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State of Civil Society Report 2018: limitations on civic space met defiant resistance

The international alliance of civil society organizations CIVICUS released a report on the State of Civil Society that highlighted ten different trends in 2017. According to the report, attacks on civic space were grave, varied, and numerous, some from corners of the world where very few violations had come previously. CIVICUS classified 109 countries with civic spaces either closed, repressed, or obstructed. Despite its concerning findings, the overall focus of the report maintained that, as demonstrated by concise examples of civil society’s achievements, the “fightback is on”, a new and atypical movement that seems to be continuing into 2018.

Multiplying attacks on free speech

The report identified trends of despotic rule, attacks on journalists, biased information, increased surveillance, and private sector overstep. Many countries struggled with corruption and maintaining checks and balances, with democratic rule being replaced by personal rule. It allowed for governments, when left unchecked, to target civil society, as well as attack independent media by quashing journalists’ efforts to unveil high-level corruption and public dissent. Furthermore, new government interference with the internet has blocked debate and discussion, as exemplified by Cameroon introducing a three-month internet block in some regions and the US ending net neutrality. Civil society especially became the mark of state surveillance online, CIVICUS writes.

Top ten civic space violations in 2017 according to CIVICUS

The rise of uncivil society

These efforts have also proliferated with socially conservative forces the report labels ‘uncivil society’, growing in tandem with state-sponsored dissemination of false information. Civil society is increasingly being touted by states and right-wing groups as organizations with cosmopolitan and utopian values, undermining alleged national interests. Furthermore, as support for multilateral organizations in the international area greatly diminished in a multitude of countries, led by the USA, so too did the ability of civil society to exert pressure within international bodies when states failed to cooperate on human rights issues.

Post-Cold War economic models have failed world citizens

As a result from the lack of funding, the United Nations, as well as individual states, have turned towards the private sector for services and to stimulate business. CIVICUS maintains this trend as largely an impediment to transparency and accountability for democracies, not to mention a threat to oversight by civil society in government institutions. Continuing in the economic vein, the report named globalized neoliberalism as the culprit for the heightening perpetuation of inequality throughout the world. The exportation of the Chinese model of state capitalism while refusing to acknowledge human rights, keenly followed by those who want power without oversight, has also aggravated the repression of citizens, inequality, and civic space.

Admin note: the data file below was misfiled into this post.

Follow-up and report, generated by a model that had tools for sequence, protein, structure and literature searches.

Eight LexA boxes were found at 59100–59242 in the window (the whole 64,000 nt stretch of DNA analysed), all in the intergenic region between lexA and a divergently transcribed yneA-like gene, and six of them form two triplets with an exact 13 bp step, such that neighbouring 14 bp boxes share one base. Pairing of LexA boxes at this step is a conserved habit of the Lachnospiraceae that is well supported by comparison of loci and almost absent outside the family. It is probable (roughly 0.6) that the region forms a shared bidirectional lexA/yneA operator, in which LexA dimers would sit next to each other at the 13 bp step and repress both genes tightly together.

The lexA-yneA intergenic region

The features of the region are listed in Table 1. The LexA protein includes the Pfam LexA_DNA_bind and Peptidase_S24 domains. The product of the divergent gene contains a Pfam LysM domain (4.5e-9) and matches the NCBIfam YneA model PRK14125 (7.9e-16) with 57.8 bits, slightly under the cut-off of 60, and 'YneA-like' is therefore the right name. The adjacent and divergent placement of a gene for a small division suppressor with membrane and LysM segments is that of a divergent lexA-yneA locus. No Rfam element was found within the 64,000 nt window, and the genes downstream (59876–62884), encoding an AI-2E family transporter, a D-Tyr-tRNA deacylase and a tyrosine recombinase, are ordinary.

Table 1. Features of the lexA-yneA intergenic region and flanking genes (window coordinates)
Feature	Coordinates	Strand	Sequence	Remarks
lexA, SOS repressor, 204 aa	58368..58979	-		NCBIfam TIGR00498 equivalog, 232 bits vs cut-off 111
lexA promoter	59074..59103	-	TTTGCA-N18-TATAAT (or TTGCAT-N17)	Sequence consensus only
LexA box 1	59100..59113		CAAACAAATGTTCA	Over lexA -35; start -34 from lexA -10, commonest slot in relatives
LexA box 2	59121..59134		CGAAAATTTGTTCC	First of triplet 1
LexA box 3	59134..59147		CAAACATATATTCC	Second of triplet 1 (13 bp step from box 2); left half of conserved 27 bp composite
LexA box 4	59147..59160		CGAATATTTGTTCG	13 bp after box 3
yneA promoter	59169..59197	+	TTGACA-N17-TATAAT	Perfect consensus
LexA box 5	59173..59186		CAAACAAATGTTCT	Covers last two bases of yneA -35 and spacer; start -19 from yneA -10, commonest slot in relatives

Decline in public spending, deregulation, and increased opportunities for corruption worsened the gap between the top and bottom concentrations of wealth and power. Disenfranchised by conventional politicking, people have sought leaders and parties who declare themselves outside of the establishment and outline straightforward solutions to complex problems. This particular trend has augmented neo-fascist, xenophobic, and border-reinforcing agendas, as evidenced in Hungary, Turkey, Russia, Uganda, and the US, all of which have dealt a heavy blow to civil society.

The fightback is on

Nonetheless, CIVICUS highlights the victories the world has seen with the #MeToo hashtag, the Time’s Up campaign, and various other forms of civil society resistance. Heightened awareness and public outcry over cases of sexual harassment have become intertwined with furthering efforts for gender equality. On corruption, a groundbreaking number of people took to the streets to protest government action in Romania and in the Dominican Republic, revealing deep-seated determination for change.

Civil society organizations again rose up to provide a vital role in providing urgently needed relief for those in Mexico and the Caribbean impacted by natural disasters. El Salvador passed the first metal mining ban in the world, protecting its land from harmful environmental practice, as a result of sustained and effective pushback from civil society organizations.

The newfound and strong resistance induces hope, CIVICUS states in its State of Civil Society Report, but in 2018 and beyond, civil society’s biggest struggle will be in adding more fuel to the fire in order to enhance and intensify a growing movement, even as the world’s issues continue to mount.

The report will be followed by a series of dialogues and conversations on the theme of ‘reimagining democracy’ in the coming months.

Image: Those protesting the lack of medical supplies under Nicolas Maduro’s government in Caracas, Venezuela on May 22, 2017, use shields to protect themselves from bullets and tear gas canisters. By Jamez42, Wikimedia Commons, CC BY-SA 4.0

Jessica Lee
Jessica studies human rights at Columbia University. She is the Spring 2018 Intern of the Campaign for a UN Parliamentary Assembly and Democracy Without Borders hosted by the World Federalist Movement in New York
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